26. We now turn to Civil Appeal No. 77 of 1959 filed by defendants 12, 13 and 16. We will take the case of defendant 12 first. We have already seen that in favour of defendant 12 a sale deed has been executed on November 7, 1941 (Ex. B-90). This sale deed has been set aside on two grounds - one that it is executed in favour of a person who by intermeddling with the estate of the trust has become trustee de son tort, and second that the properties covered by the document have been sold for inadequate consideration. It is conceded by Mr. Ganapathy Iyer that if we confirm the finding recorded by the Courts below against defendant 12 on the first point that itself would invalidate the transfer in his favour. He has, however, argued that the said finding is erroneous. Having carefully considered the relevant material we see no reason to interfere with the finding in question. In this connection it would be enough if we briefly refer to the relevant evidence bearing on this point. Defendant 12 wrote to Pichu Ayyar Avergal, defendant 15, who was a clerk of the trust estate on August 20, 1936, in these words : 'I request you that Pathai properties may be checked, that Piramanayakam Pillai coming (there) may be consulted with regard to all matters and settlement made and that you may also come here on Monday morning and render necessary assistance'. The tone of the communication and its contents are significant. It is not the language of a person who is merely assisting the trustee. He is issuing directions to the clerk of the trust. Defendant 12 was a creditor of defendants 1 to 6. It is, however, common-ground that when sale deed (Ex. B-12) was executed in favour of defendant 13 on December 19, 1936, defendant 13 who is no other than the brother of defendant 12 had undertaken to satisfy defendant 12's debt and so as from that date defendant 12 had ceased to be a creditor of the estate. Even so, he was intermeddling with the estate throughout. On October 14, 1938, he wrote to the Agent of the Travancore National and Quilon Bank suggesting that he would pay a sum of Rs. 10,000 for the entire amount payable to the bank by the debtors and he requested the Bank to have the debt discharged in that manner. Then he added that 'as the price of the lands have gone down very much owing to conditions at the present time' he requested that the sum of Rs. 10,000 may be received and that the entire debt should thus be discharged. It would be noticed that at this date defendant 12 was not a creditor of the estate and he had, therefore, no business to write to the Bank. This letter, like the earlier one which we have already seen, clearly indicates that defendant 12 had taken it upon himself to administer the trust. To the same effect is another letter written by him to the Official Liquidator of the said Bank on January 9, 1939. In this letter defendant 12 says that 'the trustees are arranging for several settlements in deference to the wishes of Mr. Ayyah Sastri, but owing to the nature of time the matter stands unsettled even though both are agreed willingly'. Then he refers to the proposal to settle all the debts and promises that 'the matter will be finally settled if the trustees meet you personally'. 'I, therefore, request you', says defendant 12, 'to kindly excuse the little delay and pray to fulfil the great task', and he adds 'I am also coming there'. Then followed a suit by the Bank, No. 12 of 1939, to which defendants 12 and 13 were impleaded; and in this suit defendants 12 and 13 entered into a compromise with the plaintiff Bank and obtained a compromise decree. It is unnecessary to refer to the terms of the compromise decree. What is material is the conduct of defendant 12 in entering into compromise with the Bank. Defendant 13 may have been justified in entering into the compromise but defendant 12 could have done so only as an intermeddler. This decree was passed on February 14, 1941. Ex. P-7 is also relevant on this point. This is a notice issued to defendant 12 by one of the creditors of the estate. It appears that this creditor had given to defendant 12 a receipt signed by him in order to enable defendant 12 to draw the amount from defendant 14 to be paid to the said creditor. The notice further recites that 'it now transpires that about the middle of July, 1937, you drew the said amount of Rs. 425 from the said Janakirama Iyer and have failed till now to account for the same to my client'. In other words, this notice shows that defendant 12 had promised to pay to the creditor Rs. 425 due to him from the estate and had failed to do so. The result was the suit by the creditor (Small Cause Suit No. 58 of 1940). This suit again was compromised by defendant 12.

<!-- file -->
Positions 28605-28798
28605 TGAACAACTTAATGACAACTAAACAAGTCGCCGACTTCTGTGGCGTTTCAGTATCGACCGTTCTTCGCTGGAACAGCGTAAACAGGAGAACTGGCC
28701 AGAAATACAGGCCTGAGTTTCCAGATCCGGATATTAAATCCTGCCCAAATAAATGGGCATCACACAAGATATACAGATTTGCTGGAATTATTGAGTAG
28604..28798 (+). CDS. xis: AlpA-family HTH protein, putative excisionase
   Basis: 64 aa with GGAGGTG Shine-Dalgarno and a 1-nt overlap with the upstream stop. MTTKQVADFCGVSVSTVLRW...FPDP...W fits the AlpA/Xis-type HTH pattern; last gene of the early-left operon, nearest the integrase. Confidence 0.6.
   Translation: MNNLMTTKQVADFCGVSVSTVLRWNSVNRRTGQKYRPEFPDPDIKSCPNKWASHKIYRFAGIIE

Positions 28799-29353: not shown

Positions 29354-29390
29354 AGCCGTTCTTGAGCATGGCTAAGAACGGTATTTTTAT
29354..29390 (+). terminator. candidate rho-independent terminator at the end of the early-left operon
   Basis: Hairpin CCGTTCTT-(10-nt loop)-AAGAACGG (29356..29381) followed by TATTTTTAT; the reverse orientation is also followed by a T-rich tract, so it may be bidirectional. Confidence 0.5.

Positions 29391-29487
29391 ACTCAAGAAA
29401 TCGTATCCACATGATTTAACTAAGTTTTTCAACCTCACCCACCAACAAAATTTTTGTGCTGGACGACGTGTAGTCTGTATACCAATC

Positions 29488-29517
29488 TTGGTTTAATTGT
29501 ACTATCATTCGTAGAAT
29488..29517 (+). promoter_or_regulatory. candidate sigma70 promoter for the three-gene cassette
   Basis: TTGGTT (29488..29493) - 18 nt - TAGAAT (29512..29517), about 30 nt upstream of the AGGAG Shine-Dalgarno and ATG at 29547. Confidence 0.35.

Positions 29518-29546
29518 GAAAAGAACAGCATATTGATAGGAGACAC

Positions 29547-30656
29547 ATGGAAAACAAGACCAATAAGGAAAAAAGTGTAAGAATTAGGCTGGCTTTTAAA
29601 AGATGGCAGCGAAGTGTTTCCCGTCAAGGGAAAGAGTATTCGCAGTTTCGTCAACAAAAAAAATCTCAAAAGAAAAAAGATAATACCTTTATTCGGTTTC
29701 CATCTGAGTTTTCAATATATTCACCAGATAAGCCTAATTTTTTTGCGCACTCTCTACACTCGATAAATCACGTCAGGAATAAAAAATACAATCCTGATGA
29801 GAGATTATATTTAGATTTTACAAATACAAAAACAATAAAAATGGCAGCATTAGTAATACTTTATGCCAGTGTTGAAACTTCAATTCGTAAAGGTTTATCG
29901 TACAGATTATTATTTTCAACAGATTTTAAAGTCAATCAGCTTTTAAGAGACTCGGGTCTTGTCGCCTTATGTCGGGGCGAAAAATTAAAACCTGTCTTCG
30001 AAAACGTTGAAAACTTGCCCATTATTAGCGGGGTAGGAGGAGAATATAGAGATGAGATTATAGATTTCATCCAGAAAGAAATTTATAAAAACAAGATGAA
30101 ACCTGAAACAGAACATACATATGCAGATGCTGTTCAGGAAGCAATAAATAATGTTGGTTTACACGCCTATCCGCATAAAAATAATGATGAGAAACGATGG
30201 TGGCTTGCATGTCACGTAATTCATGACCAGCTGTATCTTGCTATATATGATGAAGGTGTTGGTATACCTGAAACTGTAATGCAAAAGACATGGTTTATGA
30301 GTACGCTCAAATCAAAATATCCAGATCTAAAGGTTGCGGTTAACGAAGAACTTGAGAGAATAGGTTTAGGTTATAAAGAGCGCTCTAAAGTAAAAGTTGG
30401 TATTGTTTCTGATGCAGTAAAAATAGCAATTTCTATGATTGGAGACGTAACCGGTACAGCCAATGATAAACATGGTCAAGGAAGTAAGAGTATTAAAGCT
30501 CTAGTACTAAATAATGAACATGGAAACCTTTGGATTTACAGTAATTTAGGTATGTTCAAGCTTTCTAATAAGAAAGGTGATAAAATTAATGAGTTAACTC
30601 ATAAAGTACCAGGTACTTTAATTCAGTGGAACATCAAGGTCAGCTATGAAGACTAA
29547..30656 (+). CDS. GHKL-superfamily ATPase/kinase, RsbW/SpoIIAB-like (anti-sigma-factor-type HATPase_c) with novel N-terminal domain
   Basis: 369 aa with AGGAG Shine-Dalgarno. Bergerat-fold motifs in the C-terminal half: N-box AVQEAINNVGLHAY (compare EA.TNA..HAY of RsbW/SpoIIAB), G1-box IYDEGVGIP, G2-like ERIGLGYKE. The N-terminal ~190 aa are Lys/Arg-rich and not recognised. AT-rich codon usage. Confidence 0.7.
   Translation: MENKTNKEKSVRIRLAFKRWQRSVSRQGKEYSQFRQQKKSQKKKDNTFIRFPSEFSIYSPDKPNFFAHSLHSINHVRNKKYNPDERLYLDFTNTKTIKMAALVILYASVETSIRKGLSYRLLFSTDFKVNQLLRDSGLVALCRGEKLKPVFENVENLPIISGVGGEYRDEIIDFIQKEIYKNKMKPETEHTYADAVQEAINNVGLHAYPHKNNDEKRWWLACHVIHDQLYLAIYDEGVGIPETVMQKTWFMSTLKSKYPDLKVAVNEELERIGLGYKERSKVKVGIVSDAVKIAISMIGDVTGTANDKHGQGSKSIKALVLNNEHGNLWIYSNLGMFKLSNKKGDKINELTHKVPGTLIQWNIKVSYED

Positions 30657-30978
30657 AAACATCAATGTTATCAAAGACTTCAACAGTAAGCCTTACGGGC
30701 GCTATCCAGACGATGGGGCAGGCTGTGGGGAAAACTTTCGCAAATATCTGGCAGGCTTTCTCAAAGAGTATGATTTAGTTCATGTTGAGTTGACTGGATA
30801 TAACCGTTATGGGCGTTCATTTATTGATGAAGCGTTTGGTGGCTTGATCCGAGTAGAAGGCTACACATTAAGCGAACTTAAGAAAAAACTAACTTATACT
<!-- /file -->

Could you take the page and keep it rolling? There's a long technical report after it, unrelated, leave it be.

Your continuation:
27. There is yet another document Ex-121 which shows how defendant 12 was intermeddling with the estate. This is a receipt passed by the clerk of the estate to one Subbayyar Avergal on March 9, 1937. It reads thus : 'According to the order directed by defendant 12 I have received from you on this date Rs. 400 from the sale of the current Pisanam paddy produce from the estate of M.R. Ry. P.S. Krishnaswami Ayyar Avergal vagaira, Kalakkadu Pannai'. It is clear that the clerk of the estate Pichandi Ayyar who passed the receipt had been directed by defendant 12 to receive Rs. 400 from Subbayyar Avergal. He had accordingly received that amount and passed a receipt in that behalf. Now, if defendant 12 directed the clerk of the estate to receive a certain amount for and on behalf of the estate it clearly amounts to intermedding with the estate and it makes him trustee de son tort. Defendant 12 had given evidence in the earlier litigation in which he had stated that he, defendant 13 and Veerabahu Pillai were members of an undivided family. In the present proceedings defendant 12 has gone back upon his admission that he and his brothers constituted an undivided family. The trial court has accepted this letter plea and the High Court has not differed from it; but that apart, the several statements made by defendant 12 in the said evidence clearly show that he was taking as much active part in the affairs of the trust as his brother Veerabahu.